It’s called a fastest known time, or an FKT for short. It’s a formal and public way to keep track of who’s gone the fastest on a trail, up a mountain, or through a canyon.
With modern technology, just about every runner has a GPS strapped to his wrist. That, in tandem with a satellite, can keep track of an athlete in real time. Plus cellphones can take geo-stamped photos, to prove it’s indeed the athlete completing the task.
Jason Hardrath is a celebrity within the FKT world. During the school year, he’s a health and physical education teacher at an elementary school in Bonanza, Oregon, but during the summers, he’s an FKT maniac.
"I did 99 prior FKTs. And then for my 100th FKT, out of a bit of poetic justice, I did 100 mountains—the 100 tallest mountains of the state of Washington—as a single FKT, for number 100," Hardrath told The Epoch Times.
Massive InjuriesIn 2015, at age 25, Hardrath had a stressful day as a teacher and track coach, which was to be followed by a meeting with the school district’s superintendent, for which he was running late. As a young teacher, he felt the meeting was "a really big deal," so in an effort to relax on the drive there, he decided to plug in some music.
He got distracted, and as he put it, "caught the shoulder, rolled the vehicle, went out the window."
"I did not have my seatbelt on. Had forgotten to put it on," Hardrath said.
The accident resulted in a litany of injuries: a shoulder broken in two places, a collapsed lung, nine broken ribs, several internal contusions, and a completely shredded ACL and LCL (the ligaments that hold your knees together) in his right knee.
He didn't make the meeting with the superintendent.
While in the hospital, Hardrath told one of his doctors about his love of running and mountain climbing. "His first response, without missing a beat was, ′Oh, you’re probably going to let that part of your life go.′ And then he walked out of the room to see his next patient," said Hardrath.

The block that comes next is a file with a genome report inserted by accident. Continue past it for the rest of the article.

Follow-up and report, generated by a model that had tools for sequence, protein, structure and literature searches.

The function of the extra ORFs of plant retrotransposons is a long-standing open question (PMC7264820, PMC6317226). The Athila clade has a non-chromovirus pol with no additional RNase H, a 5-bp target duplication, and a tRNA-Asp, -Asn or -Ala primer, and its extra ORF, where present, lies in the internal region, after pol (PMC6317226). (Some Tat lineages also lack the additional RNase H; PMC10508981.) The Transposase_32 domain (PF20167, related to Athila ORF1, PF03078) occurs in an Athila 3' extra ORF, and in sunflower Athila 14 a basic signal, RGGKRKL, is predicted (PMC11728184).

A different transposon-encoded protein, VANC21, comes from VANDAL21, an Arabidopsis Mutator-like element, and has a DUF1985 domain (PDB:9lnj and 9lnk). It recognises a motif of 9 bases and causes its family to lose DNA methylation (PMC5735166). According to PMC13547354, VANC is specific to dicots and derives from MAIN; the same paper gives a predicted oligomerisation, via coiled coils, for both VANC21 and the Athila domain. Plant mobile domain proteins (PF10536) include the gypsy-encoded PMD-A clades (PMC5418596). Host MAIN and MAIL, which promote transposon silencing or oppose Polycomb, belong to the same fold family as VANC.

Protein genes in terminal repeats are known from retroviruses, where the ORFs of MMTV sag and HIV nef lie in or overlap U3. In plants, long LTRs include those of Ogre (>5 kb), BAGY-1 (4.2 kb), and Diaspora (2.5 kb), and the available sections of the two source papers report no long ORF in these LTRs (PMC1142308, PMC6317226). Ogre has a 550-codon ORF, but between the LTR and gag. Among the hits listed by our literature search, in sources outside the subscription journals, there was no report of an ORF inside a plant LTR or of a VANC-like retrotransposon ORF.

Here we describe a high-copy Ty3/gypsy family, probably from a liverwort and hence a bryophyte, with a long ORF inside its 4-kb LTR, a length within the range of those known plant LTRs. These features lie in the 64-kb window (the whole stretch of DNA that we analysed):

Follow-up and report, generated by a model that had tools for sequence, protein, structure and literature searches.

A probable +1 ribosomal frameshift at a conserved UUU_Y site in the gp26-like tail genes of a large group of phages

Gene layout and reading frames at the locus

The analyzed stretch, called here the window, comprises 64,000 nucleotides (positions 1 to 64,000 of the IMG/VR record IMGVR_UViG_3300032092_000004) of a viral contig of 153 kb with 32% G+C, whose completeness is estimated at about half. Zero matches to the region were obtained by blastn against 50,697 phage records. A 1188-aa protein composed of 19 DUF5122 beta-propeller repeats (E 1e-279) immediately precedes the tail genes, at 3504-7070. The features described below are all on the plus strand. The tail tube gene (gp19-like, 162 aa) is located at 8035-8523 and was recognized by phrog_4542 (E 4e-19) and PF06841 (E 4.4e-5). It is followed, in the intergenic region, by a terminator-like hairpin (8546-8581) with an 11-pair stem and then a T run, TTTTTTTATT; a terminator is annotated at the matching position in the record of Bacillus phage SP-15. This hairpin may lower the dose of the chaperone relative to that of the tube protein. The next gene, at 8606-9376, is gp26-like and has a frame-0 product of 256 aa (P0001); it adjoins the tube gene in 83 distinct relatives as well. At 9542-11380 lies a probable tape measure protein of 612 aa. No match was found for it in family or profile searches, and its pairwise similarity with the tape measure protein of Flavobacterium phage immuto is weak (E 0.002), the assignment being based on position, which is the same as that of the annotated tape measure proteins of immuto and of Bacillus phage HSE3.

"I remember how my spirit really sank in that moment, but then, in the very next moment, it was that spirit of defiance, like, ′You really don’t know me. Just wait and see.′"
FilmingHardrath is one of 1,500 "ambassadors" from the Athletic Brewing Company, who are essentially spokespeople for the nonalcoholic beer the company makes.
"We caught wind that he was doing this," Mason Gravely, a marketing executive at the company, told The Epoch Times, "and we thought, 'We gotta follow him somehow.'"
When Gravely learned of Hardrath’s 100th FKT being the 100 mountaintops, he thought, "We have to get a film crew and make this happen."
With no prior production experience, they did just that.
'Journey to 100'In order to document the ascents to each of the 100 summits, there were three variations of video recordings. For 35 climbs, Hardrath was completely alone but was outfitted with a GoPro camera.
For 65 climbs, a second FKT enthusiast, Nathan Longhurst, came along and shot with a GoPro. For four of the peaks, a professional camera crew traveled as far up the mountain as they could go.
Friendly CompetitionAshly Winchester has been Hardrath’s partner for the past four years and is an FKT enthusiast as well, with 53 to her name. "Sometimes there’s a little bit of competition," Winchester told The Epoch Times. "But we support each other quite a bit in our pursuits. I celebrate all of his wins."
Winchester was also Hardrath’s logistical support during the 100 climbs, driving the van between locations and having meals (and everything else) at the ready.
GratitudeAt 33, Hardrath is grateful for the second chance at life he’s been given and hopes he inspires his students to "chase goals" and to persevere. He feels he’s doing what he’s been put here to do.
"There’s something about the top of a mountain that speaks to me," he said. "It’s a place where I feel like I should be."